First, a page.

Tuesday, August 31, 2010

Top 5: Older Artists and Social Networking

Social networking is something a lot of older (35+) artists are doing poorly. Most of the mistakes are grounded in a fundamental misunderstanding(s) of the technologies at work, and how they're being used by various groups of people. I empathize, though: many people over 35 simply got left behind and are back to trying to figure it out. After a bit of thinking, I'm going to try and distill 5 major points that older artists are missing and what can be done to turn that around. Comments and feedback are greatly appreciated on this.

5. Overposting / spamming = disrespect for fans' time.

Ask yourself: "Why do I log on to Facebook/Twitter?" If you answer has something to do with finding out what your friends are up to or seeking a connection, then you're on the right track. If your answer has something to do with *telling* people something, you might be coming at this from the wrong perspective.

And that's really the difference between a spammer and a sharer, isn't it? The sharer has the best interests of his/her network in mind, while the spammer is busy monitoring clickthroughs and amassing friends'n'followers. It's all about where your head is. If you already think you deserve traffic, you'll be obsessed with those stats, judging the effectiveness of your campaign instead of your art.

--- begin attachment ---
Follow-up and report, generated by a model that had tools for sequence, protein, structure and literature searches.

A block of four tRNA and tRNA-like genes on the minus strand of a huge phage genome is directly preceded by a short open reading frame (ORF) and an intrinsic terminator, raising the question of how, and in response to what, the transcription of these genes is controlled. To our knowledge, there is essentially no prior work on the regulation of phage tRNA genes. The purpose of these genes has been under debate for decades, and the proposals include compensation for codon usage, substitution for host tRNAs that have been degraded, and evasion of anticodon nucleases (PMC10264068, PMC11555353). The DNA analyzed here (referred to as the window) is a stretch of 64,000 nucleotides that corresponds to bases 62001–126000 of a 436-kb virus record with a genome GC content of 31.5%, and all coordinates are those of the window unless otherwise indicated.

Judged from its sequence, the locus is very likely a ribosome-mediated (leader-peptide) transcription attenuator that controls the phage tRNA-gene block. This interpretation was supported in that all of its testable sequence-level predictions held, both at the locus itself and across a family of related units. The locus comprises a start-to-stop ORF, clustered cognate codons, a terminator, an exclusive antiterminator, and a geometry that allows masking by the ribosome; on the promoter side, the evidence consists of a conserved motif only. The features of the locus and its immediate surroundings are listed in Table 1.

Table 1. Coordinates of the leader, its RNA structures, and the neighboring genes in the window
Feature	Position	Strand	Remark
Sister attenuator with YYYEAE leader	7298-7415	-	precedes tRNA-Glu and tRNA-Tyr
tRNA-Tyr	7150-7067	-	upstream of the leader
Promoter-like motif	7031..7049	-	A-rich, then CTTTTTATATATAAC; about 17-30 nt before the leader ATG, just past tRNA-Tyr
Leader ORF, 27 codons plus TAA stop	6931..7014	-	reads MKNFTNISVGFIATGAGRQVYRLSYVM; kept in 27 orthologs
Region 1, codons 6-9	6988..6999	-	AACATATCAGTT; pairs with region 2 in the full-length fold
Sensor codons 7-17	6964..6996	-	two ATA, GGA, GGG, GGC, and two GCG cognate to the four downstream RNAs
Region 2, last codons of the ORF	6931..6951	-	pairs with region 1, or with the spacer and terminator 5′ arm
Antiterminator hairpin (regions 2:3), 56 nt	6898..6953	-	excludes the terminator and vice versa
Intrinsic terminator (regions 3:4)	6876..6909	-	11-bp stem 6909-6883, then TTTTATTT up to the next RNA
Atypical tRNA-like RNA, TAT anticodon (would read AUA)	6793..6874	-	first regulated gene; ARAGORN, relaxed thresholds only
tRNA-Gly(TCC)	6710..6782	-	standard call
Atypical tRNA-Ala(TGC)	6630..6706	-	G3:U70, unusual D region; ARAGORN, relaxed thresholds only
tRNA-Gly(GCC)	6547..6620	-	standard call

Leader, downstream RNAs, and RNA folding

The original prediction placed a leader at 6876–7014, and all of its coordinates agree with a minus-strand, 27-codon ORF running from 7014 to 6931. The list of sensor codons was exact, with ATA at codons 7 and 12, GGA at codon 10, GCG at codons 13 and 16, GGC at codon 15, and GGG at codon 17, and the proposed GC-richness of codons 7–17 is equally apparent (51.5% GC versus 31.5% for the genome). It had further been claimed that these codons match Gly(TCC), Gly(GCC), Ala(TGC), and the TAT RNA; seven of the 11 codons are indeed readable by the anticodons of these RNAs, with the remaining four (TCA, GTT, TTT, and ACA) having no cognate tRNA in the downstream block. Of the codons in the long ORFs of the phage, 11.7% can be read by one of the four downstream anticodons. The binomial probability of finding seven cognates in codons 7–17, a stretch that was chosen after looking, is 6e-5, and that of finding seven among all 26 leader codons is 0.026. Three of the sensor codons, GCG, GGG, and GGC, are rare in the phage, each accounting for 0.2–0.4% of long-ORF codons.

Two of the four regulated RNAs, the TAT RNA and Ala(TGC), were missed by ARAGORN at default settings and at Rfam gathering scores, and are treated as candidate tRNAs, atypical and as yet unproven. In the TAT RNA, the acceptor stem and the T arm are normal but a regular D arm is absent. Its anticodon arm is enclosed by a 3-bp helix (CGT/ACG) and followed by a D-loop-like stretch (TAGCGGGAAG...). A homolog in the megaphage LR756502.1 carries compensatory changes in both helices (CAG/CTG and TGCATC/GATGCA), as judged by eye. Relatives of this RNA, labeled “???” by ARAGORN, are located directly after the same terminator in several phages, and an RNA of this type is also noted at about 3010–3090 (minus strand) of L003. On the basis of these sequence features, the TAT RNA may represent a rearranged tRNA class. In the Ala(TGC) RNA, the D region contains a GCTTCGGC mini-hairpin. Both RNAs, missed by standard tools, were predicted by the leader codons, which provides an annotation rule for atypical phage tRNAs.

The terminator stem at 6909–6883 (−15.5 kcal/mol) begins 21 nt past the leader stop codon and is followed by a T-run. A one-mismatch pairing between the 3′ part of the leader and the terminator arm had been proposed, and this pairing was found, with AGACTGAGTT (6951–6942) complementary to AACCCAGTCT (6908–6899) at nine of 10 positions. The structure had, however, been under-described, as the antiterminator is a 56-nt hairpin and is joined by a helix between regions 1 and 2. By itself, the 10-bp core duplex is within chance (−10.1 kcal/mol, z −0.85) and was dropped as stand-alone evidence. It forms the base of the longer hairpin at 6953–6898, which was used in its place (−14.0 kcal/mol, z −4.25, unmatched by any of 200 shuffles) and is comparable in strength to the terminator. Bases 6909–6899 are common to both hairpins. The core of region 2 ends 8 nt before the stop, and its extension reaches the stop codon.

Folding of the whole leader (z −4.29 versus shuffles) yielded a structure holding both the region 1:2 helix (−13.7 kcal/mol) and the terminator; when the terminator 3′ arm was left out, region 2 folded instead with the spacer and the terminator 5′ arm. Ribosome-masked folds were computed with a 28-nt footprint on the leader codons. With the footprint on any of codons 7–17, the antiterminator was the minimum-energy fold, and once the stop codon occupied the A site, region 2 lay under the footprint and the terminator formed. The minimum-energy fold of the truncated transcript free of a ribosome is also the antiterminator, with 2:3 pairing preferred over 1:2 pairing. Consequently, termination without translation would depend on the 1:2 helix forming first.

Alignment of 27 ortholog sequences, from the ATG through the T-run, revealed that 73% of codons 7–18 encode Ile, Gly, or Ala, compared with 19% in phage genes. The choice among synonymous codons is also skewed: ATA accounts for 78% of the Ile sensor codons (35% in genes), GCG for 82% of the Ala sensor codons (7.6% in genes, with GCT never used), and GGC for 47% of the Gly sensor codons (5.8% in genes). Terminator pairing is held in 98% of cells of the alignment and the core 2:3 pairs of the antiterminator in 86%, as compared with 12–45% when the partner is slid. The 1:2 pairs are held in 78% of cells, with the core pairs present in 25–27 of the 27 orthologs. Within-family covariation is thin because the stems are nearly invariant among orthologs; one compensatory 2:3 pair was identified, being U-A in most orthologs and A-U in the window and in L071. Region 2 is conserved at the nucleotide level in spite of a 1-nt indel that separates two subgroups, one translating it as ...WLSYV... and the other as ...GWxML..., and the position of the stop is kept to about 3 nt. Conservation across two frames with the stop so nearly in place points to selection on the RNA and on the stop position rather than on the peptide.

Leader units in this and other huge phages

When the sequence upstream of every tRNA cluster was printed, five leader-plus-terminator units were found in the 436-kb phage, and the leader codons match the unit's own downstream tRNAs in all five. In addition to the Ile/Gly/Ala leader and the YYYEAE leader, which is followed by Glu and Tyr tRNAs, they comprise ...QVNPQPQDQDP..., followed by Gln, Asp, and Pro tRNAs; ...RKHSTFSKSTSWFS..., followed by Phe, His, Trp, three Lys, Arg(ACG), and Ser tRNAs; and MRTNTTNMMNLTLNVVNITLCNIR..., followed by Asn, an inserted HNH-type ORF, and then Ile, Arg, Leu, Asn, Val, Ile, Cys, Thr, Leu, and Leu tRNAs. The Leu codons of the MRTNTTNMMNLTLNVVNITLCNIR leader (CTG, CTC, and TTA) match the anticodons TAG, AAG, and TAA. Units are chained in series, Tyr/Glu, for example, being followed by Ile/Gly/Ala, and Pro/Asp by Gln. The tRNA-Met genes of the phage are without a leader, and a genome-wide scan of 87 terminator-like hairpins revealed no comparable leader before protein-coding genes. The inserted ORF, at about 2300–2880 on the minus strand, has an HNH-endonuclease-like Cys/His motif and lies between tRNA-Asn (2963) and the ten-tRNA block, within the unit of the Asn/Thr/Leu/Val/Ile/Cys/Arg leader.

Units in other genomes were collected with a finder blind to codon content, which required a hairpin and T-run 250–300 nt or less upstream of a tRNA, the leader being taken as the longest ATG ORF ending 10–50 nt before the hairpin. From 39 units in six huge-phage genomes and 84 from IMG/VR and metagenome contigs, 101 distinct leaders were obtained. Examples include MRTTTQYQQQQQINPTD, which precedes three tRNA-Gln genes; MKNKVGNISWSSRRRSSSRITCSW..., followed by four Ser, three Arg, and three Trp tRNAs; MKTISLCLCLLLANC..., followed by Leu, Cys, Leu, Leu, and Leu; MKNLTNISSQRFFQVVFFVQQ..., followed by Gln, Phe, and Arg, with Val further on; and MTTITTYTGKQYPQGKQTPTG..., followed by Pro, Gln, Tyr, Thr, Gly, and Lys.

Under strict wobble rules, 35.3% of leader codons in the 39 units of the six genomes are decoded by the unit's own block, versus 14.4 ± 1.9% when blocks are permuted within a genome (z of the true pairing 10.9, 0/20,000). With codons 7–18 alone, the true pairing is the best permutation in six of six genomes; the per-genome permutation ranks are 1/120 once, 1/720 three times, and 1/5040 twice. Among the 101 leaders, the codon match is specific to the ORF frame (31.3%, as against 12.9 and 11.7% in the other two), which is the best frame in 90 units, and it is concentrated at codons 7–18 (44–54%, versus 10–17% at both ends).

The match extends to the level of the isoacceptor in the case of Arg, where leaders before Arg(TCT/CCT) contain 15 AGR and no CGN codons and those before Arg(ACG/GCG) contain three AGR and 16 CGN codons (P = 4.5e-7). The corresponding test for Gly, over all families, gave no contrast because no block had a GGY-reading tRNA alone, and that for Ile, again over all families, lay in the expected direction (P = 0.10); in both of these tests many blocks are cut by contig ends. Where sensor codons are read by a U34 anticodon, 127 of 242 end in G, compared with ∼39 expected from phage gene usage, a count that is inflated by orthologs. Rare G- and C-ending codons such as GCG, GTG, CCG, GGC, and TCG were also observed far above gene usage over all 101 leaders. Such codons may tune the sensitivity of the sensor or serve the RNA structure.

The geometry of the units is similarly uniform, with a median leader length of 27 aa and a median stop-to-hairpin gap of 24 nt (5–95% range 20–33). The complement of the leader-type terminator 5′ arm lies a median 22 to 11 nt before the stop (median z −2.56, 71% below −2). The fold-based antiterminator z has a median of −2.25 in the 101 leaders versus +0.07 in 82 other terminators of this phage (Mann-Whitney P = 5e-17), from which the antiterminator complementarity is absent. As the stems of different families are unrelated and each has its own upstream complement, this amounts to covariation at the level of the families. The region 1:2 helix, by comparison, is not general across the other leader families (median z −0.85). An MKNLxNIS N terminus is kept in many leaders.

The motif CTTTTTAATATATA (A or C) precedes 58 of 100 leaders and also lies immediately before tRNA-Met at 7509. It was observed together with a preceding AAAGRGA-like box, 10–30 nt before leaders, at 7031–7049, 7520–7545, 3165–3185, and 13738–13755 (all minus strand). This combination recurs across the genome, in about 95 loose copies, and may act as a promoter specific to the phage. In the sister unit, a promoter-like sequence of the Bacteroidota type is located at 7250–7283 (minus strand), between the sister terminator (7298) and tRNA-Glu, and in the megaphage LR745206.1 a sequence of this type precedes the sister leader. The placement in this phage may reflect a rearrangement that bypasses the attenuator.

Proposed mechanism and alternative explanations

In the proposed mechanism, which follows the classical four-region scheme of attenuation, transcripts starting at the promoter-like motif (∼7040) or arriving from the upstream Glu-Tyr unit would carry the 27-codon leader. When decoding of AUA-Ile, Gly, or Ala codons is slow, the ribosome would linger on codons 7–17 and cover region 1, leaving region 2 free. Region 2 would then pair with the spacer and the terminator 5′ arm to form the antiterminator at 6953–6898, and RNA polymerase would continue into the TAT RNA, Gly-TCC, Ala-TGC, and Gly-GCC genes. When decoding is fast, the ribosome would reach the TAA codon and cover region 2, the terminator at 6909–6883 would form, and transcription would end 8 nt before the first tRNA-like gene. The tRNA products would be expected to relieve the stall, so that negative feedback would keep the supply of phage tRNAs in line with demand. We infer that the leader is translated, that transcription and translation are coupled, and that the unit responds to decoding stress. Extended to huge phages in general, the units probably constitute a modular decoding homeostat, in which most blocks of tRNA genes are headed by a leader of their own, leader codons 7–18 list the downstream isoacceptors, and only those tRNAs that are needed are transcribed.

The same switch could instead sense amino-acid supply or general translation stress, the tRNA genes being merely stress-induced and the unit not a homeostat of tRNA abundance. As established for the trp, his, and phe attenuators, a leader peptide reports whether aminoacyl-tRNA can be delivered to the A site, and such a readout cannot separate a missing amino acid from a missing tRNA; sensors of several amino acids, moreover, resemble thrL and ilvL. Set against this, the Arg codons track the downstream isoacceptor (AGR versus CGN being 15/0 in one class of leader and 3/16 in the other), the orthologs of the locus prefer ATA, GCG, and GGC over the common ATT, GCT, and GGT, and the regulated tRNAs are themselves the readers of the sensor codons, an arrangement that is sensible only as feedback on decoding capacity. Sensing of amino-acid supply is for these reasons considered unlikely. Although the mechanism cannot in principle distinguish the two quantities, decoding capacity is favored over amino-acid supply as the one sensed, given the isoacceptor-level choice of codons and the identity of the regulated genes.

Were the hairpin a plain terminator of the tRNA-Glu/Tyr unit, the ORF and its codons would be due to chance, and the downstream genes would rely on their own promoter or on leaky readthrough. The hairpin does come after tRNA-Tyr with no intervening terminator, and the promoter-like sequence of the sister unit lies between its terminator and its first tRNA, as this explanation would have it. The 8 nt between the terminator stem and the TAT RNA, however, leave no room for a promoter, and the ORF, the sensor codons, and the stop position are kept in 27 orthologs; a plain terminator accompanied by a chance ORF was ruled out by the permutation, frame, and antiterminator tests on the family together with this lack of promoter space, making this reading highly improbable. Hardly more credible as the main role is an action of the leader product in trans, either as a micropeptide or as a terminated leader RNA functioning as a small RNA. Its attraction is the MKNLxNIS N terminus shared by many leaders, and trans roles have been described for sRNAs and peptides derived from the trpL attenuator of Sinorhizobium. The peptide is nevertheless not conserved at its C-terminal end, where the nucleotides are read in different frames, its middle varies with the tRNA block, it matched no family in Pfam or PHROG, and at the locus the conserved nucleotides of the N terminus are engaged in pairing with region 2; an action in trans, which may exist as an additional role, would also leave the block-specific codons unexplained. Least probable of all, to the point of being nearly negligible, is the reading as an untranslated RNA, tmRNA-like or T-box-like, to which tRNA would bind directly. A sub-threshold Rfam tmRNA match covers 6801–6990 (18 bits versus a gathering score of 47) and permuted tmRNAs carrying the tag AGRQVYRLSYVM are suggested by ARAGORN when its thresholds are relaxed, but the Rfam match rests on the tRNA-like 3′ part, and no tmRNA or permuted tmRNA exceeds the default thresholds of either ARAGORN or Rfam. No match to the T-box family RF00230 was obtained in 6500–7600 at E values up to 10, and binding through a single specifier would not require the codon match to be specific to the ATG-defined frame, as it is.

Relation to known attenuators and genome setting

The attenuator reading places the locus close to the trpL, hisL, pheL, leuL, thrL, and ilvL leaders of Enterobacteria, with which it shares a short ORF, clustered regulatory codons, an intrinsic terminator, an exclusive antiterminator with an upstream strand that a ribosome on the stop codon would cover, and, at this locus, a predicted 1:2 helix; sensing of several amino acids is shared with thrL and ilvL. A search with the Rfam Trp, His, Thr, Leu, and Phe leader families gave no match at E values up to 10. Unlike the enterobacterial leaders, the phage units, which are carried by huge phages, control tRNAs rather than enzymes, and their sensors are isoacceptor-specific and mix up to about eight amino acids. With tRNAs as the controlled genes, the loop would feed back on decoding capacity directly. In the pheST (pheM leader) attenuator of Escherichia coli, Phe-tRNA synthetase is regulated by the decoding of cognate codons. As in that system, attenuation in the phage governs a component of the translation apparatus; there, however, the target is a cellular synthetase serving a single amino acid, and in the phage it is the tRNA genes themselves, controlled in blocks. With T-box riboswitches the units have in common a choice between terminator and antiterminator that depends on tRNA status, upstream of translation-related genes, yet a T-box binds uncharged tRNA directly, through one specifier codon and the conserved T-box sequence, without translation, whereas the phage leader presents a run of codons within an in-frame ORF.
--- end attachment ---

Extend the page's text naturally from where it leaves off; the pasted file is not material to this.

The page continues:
Related to this is the tendency to post the same message across multiple platforms (Twitter, LinkedIn, etc), an activity enabled by apps ala Hootsuite. I understand the economics of this, but you need to be incredibly judicious. How many times do I see a Twitter crosspost on Facebook complete with useless hash-tags?

And speaking of Twitter, this is one particular service that the 35's and up simply do not understand. Part of this has to do with the cultural distribution of cellular devices - the most capable ones are in the hands of the young, while the old still struggle with the concepts of an address book and text messaging. So of course Twitter looks like just another billboard with your name on it.

This is wrong, of course. Twitter says so themselves: it's a service for communicating timely and concise information. "Timely" is another way of saying "immediately relevant," whereas most of the 35's think it means "whatever I type right now." Geographic location, new/exclusive product availability, emergency information...these are all great for Twitter. Desperate pleas for attention (i.e., "twittername is feeling meh right now.") are the quickest way to tell your audience you've got little to say of relevance.

4. Inconsistency (voice/purpose/frequency)

Basically, if you're a musician, stick with music and career related postings. There can be exceptions to this, too, but what I want to emphasize is consistency. If you're going to be a hub for all kinds of interesting arts/cultural ephemera, that's OK, too, but pay attention to being consistent about what you post.